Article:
Finance Ministry In Ottawa Running Scenarios In The Event That NAFTA Fails

In public comments on the North American Free Trade Agreement (NAFTA) negotiations that are taking place, federal Finance Minister Bill Morneau said Thursday that his government department is running several internal scenarios that include what would happen if NAFTA talks fail and the trade agreement ends.

“My job is to think about how we can ensure the economy is successful in the long term, so we do look at the economic impacts of any NAFTA discussion in order both (to determine) how do we improve and also to think about the challenges that the long discussion might present,” Minister Morneau said following a meeting in Toronto with his counterpart from Mexico, José Antonio González Anaya.

Morneau said model scenarios are “a confidential part” of Ottawa’s NAFTA analysis and declined to discuss the potential impact on the economy or any specific sector if the trade agreement were to fall apart. He stressed that the focus remains on strengthening the deal. The talks, which resume again next week in Montreal, have been contentious due to some extreme rhetoric from U.S. President Donald Trump.

“The job of the Department of Finance is to run models on everything … so we have an understanding of sector-by-sector impact on how we can make a positive impact on our economy and jobs, and that will continue to be our approach to this analysis,” said Minister Morneau at a news conference Thursday. “Be prepared, be ready to have constructive discussions, and understand the impacts, potentially both positive and challenging.”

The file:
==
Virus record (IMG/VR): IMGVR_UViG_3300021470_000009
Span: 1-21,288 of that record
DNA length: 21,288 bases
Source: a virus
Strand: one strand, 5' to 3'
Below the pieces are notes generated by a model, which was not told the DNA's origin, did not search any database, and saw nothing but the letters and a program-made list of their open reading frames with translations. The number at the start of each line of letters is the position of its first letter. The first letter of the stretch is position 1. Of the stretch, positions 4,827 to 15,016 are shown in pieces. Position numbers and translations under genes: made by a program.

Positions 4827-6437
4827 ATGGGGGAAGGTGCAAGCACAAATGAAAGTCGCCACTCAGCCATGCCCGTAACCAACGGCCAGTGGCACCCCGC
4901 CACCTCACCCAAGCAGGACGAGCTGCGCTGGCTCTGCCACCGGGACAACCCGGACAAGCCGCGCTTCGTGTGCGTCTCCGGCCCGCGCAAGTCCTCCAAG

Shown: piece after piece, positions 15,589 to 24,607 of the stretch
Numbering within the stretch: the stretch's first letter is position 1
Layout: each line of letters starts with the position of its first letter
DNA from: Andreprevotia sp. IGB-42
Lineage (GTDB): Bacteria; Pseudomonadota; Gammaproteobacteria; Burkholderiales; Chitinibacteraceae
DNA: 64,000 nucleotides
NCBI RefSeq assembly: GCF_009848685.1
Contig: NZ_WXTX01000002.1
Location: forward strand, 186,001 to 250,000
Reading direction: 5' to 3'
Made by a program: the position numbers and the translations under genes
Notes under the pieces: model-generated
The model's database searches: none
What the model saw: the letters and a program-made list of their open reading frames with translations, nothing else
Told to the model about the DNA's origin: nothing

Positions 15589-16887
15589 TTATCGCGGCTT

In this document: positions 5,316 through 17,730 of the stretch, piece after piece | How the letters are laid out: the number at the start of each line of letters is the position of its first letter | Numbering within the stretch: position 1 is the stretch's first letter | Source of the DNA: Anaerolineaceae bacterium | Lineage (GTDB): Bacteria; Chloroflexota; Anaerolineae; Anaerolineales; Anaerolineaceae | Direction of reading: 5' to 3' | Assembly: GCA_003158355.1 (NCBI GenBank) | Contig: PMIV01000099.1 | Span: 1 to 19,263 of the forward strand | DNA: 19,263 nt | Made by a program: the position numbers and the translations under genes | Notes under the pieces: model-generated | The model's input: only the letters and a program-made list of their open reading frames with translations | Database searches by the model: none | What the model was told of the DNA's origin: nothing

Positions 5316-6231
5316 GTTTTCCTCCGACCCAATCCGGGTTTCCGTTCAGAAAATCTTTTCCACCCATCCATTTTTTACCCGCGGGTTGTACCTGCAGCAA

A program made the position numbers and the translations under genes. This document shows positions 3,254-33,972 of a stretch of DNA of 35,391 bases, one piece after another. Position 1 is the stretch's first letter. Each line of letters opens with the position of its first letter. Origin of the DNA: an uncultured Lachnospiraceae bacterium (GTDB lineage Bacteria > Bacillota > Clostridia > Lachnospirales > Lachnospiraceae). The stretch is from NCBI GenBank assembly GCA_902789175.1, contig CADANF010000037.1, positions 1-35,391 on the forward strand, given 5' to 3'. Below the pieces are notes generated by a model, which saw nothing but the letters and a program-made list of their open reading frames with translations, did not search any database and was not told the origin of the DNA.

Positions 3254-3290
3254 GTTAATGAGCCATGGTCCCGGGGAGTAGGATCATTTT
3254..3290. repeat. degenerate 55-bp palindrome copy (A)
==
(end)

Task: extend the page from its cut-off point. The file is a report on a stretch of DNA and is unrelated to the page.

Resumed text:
He added that Ottawa remains “very focussed on Plan A, on making sure that NAFTA continues to provide great jobs that it’s done for the last generation or two.”

On Wednesday, the Bank of Canada’s Senior Deputy Governor, Carolyn Wilkins, warned that Canada’s economic growth outlook “remains clouded by uncertainty related to the future of the North American Free Trade Agreement.” Her remarks came as the central bank raised the benchmark overnight interest rate by one-quarter of a percentage point to 1.25%.

Minister Morneau stressed several times on Thursday that Ottawa is committed to a three-country deal on NAFTA.

“We’re working very closely together,” he said, standing next to Mr. González, who was recently appointed Mexico’s Secretary of Finance and Public Credit.

“I think we share a view that NAFTA is better with three countries, and so we’re moving toward a solution that works for all three of us, and so that’s the goal,” said Canada’s Finance Minister.

Morneau and González spent the day in meetings that included discussions with representatives of businesses in the mining and financial sectors, including banks and pension funds.

A statement released Thursday by the Department of Finance said the commercial relationship between Canada and Mexico is “strong and growing.” It noted that Mexico is Canada’s third-largest business partner, with bilateral merchandise trade reaching a “milestone” of $40.8 billion in 2016. That same year, Canadian direct investment in Mexico reached about $17 billion, while Mexican direct investment in Canada totalled nearly $2 billion.